Monday, May 16, 2011

Pieces Of Me Part II

Having had a baby once, and being incredibly young and stupid, I assumed that I knew what every birth thereafter would be like.

My daughter had come in mid October. It had been easy, and drawn out and quiet, full of naps and whispered conversations with my husband about the future. My second child came in a much more frenzied manner. I woke knowing that this day (December 1rst, 1978) was it. We couldn’t afford a phone so I put on my parka and boots (contractions 10 minutes apart, no big deal), grabbed my small bag, plopped my 14 month old in her stroller shrouded in heavy quilts  and headed out the door into a 10 degree winter morning for the one mile walk to the base.

My husband’s unit handled nuclear devices so security was tight. I stopped at the gate and identified myself and told them what I needed. A phone call was made. A second, higher ranking man came to the gate and took my ID. For some unknown reason these soldiers always felt the need to remark on the fact that my husband had an American name and was Belgian and I had a French name and was not. My contractions had begun coming closer together and this lieutenant showed no signs of being in a hurry. I hopped from foot to foot, patting my woolen mummy of a child on the head and tried to see around him. He was jovial and talked to my daughter and complained about the frigid weather and asked did I like the snow and were we ready for Christmas. By this time the contractions had sped up considerably coming about 3 minutes apart and the hospital was 15 miles away.  I heard my breathing take on the tenor of a steam locomotive, I felt a terrible urge to put both hands between my legs just in case I had to catch the little bugger myself, I was just about to lose control of my mounting temper (as any army wife knows, permanently destroying my husbands chance of ever being more than a PFC) when I saw my man running flat out across the parade ground toward me, waving the car keys and shouting Breathe! Breathe! He leapt in the car, gunned the engine and shot out of his parking spot He did a sliding stop at the gate, throwing the door open, allowing me to stumble in as he snatched up my daughter and threw her face first into the back seat leaving the stroller where it sat.  Sliding back in he gave a wicked grin as he saluted through the window and ratcheted the car into reverse and then back into gear and we peeled out spraying ice and salt all over the starched officer.

The hospital was old, six stories with the OB-GYN rooms being on the top floor. Normally a rickety old elevator, pre WW-II, serviced the upper floors but as luck would have it the thing had died during the night and was taped off. I looked at the stairwell, feeling like someone on TV, looking for hidden cameras. What could I do? I took off my coat and began the hump up 120 stairs. My husband took my elbow but was called back by the young soldier behind the desk. Government institutions, any government institution, runs on paper and this military hospital was no exception. He turned around to fill out what seemed to be fifty forms in triplicate while I heaved myself up.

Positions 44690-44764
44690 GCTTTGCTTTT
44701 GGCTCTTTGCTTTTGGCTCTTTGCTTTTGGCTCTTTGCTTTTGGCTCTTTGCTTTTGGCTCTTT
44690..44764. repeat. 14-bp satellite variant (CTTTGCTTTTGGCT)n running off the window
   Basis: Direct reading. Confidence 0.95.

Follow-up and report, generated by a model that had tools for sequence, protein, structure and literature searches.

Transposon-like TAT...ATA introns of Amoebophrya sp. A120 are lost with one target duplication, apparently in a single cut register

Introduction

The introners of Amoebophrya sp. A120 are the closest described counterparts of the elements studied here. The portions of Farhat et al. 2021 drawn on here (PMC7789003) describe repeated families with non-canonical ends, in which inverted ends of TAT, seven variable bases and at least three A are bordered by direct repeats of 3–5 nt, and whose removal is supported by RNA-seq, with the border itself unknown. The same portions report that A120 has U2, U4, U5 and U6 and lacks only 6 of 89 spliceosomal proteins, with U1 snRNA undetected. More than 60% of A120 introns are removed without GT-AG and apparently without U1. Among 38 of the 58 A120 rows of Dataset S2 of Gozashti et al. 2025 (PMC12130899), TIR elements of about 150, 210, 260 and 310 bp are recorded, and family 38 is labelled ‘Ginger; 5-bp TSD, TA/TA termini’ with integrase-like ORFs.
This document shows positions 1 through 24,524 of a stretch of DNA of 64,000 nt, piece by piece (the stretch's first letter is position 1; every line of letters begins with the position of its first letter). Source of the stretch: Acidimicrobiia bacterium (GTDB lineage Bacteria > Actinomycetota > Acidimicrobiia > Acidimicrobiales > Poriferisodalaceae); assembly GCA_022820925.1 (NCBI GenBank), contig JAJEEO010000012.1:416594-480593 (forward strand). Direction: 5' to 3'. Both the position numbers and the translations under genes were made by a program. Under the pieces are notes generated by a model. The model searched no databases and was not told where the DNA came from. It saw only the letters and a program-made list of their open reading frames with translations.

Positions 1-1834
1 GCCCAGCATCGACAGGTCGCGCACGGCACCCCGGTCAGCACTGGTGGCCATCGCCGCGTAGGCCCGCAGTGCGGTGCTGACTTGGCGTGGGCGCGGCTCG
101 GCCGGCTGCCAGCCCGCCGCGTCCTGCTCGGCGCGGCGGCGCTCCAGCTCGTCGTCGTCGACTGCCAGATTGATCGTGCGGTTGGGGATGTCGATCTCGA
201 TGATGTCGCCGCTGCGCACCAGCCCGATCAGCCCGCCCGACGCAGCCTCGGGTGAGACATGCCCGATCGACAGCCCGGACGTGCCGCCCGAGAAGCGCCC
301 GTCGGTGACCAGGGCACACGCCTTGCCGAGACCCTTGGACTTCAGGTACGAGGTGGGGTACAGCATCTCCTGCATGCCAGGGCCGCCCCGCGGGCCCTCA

On the ground floor my contractions were about a minute apart. By the fourth floor they were hitting me like surf, constant, and by the sixth floor I was done. I slung open the fire door with a bang and grunted NOW. A young corpsman stood in front of me looking terrified and glued to the spot. I can only imagine the hot, sweaty, red-faced, pissed-off, heavy breathing behemoth that stood in front of him at that moment. Two men, who thank heaven turned out to be doctors, literally lifted me off the floor by my elbows, through a door and plopped me unceremoniously on a bed. I yelled ARGGHHHH or something similar as my drawers were ripped off and whoosh, one fellow stood at the end of the bed, drenched in amniotic fluid and holding a freaking gorgeous 10 pound baby boy like he was a football while the other was struck immobile in the process of closing the door. I still had my coat clutched in my hands.

We remained frozen in place, a vivid tableau with the only sound that of water dripping off the bed frame until my husband burst in the room with our daughter on his hip and a disbelieving look on his face. He hit the puddle and slid into the bed and gave me one of the best kisses of my life. I started laughing, he started crying, my daughter and the new baby both started howling and both doctors started whooping with glee and adrenalin release. The entire thing took less than an hour. I resolved to climb stairs and walk miles if I ever went into labor again.

I found out later that the officer was a friend of my husband and had been sent to occupy me while he finished up whatever a gunner does. He appeared at the hospital an hour after our son was born bearing flowers and a toy for my daughter and a cigar for my husband. I often wondered what happened to him. I haven't seen him since.